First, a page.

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Analyzing the Bourque-Allen Trade

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May 19, 2014; Montreal, Quebec, CAN; Montreal Canadiens left wing Rene Bourque (17) misses a chance to score a goal against New York Rangers goalie Henrik Lundqvist (30) as defenseman Kevin Klein (8) defends during the second period in game two of the Eastern Conference Finals of the 2014 Stanley Cup Playoffs at Bell Centre. Mandatory Credit: Jean-Yves Ahern-USA TODAY Sports

Just two weeks ago, we discussed why it was time for the Anaheim Ducks to part ways with defenseman Bryan Allen. (read more: It’s Time to Trade Bryan Allen)

It seems that Ducks GM Bob Murray agreed. On Thursday, he traded Allen to the Montreal Canadiens, in exchange for veteran winger Rene Bourque.

What does this trade mean for the Ducks going forward?

Bourque’s Potential

Rene Bourque is a curious figure. Undrafted, Bourque made his NHL debut in 2005 with the Chicago Blackhawks, where he scored 34 points (16g, 18a) in his rookie season. After three seasons in Chicago, Bourque was traded to the Calgary Flames.

In 2009-10, Bourque potted a career-best 58 points (27g-31a). After a slow start to the 2011-12 season, Bourque was traded to the Canadiens. Bourque has struggled since arriving in Montreal, scoring just 39 points (21g-18a) in 141 games.

However, he has shown flashes of his former self as recent as last season. In the playoffs this last season, Bourque scored 11 points (8g-3a) in 17 games with the Habs, including a hat-trick performance against the New York Rangers in the Eastern Conference Finals.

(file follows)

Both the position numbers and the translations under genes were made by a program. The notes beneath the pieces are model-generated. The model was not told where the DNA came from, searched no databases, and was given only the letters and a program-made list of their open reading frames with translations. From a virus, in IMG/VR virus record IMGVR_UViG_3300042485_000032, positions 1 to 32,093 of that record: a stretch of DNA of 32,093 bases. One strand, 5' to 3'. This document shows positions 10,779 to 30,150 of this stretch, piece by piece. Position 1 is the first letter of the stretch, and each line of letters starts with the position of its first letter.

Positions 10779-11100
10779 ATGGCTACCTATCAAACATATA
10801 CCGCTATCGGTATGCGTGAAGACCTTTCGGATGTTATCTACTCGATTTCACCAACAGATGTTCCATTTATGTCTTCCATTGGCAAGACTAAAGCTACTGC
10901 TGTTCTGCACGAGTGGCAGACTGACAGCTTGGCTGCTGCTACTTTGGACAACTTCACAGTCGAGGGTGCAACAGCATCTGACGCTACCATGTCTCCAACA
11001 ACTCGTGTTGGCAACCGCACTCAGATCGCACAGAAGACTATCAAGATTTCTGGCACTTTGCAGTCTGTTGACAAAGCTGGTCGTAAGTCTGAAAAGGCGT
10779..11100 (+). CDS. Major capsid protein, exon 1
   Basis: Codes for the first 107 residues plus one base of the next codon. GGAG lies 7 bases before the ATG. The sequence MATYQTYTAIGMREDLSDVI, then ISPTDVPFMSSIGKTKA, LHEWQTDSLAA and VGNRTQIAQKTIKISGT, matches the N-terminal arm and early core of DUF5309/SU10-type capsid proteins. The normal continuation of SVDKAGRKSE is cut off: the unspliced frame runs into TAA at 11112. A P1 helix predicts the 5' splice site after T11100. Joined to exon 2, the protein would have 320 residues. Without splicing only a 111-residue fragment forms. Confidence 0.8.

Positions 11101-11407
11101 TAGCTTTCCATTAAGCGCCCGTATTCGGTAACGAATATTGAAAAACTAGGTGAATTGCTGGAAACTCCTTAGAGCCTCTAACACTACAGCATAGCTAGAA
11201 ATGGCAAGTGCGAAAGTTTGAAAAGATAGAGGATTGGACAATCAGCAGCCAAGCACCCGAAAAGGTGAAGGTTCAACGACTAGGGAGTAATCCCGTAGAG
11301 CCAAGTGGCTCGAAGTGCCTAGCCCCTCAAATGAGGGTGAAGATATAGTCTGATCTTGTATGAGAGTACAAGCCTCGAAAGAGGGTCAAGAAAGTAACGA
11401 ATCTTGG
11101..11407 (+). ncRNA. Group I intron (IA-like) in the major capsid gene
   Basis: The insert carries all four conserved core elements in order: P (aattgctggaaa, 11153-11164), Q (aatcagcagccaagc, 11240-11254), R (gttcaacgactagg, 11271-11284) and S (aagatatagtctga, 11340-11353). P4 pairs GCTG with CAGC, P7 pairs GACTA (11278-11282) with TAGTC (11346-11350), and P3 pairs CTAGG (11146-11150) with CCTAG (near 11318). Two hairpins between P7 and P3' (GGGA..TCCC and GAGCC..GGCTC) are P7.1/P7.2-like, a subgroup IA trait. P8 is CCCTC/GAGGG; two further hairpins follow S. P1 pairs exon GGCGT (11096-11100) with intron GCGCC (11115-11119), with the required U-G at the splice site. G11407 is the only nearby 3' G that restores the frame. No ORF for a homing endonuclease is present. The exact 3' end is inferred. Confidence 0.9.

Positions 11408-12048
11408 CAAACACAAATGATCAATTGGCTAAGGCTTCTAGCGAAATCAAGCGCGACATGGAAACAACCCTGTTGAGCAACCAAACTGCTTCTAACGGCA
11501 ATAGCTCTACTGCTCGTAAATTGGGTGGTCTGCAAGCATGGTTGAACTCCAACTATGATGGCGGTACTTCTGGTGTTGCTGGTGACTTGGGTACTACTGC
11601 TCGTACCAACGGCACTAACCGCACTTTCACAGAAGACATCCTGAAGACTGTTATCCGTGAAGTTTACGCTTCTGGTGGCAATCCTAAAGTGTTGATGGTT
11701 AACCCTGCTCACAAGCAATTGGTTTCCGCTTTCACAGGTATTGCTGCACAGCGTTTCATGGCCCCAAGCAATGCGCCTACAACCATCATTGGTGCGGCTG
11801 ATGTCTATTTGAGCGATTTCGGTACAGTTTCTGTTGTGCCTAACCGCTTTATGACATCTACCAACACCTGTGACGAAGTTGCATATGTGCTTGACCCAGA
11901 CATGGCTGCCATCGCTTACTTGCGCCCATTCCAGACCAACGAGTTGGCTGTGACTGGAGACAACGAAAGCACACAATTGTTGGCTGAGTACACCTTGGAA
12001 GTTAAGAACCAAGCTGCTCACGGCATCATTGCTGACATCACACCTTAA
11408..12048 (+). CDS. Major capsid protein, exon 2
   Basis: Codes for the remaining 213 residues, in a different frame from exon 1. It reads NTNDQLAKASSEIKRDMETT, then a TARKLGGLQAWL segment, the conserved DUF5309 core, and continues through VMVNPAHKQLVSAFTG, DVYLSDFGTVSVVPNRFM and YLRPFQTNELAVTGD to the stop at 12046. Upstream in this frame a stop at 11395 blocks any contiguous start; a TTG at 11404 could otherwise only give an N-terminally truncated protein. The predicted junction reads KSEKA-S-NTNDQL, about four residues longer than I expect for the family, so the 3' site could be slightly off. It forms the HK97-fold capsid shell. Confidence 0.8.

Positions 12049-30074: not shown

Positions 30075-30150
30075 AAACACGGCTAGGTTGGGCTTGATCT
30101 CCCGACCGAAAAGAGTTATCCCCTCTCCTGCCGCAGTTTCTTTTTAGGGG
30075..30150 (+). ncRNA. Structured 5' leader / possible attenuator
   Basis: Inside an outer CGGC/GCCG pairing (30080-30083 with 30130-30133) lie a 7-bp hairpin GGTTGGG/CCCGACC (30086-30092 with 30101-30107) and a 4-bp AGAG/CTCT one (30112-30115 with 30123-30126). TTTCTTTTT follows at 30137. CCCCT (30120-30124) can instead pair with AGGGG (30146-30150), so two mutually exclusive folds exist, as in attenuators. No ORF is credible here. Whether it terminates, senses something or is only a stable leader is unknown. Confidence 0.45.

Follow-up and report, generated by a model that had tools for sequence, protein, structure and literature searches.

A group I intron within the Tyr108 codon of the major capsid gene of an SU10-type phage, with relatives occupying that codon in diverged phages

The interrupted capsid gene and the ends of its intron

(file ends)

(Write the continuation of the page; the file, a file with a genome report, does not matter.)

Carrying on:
After another slow start this season (0-2=2, -9 in 13 games), Bourque was placed on waivers and sent to the Canadiens’ AHL affiliate in Hamilton.

Oct 13, 2014; Tampa, FL, USA; Montreal Canadiens left wing Rene Bourque (17) works out prior to the game against the Tampa Bay Lightning at Amalie Arena. Mandatory Credit: Kim Klement-USA TODAY Sports

The value of this trade really revolves around which Rene Bourque shows up in Anaheim. Could perhaps a change in scenery be all that is needed to propel the 32-year old forward back to his old self?

Possibly, but not for certain. The gamble here seems to be similar to the risk taken when the Ducks signed Dany Heatley over the summer, who at this point has turned out to be an absolute bust.

If Bourque performs well in Anaheim, he could catalyze an offense that has struggled of late, and push some of the underperforming forwards on the roster (Silfverberg, Etem, Smith-Pelly, Maroon, Cogliano) to be better in order to keep their roster spots.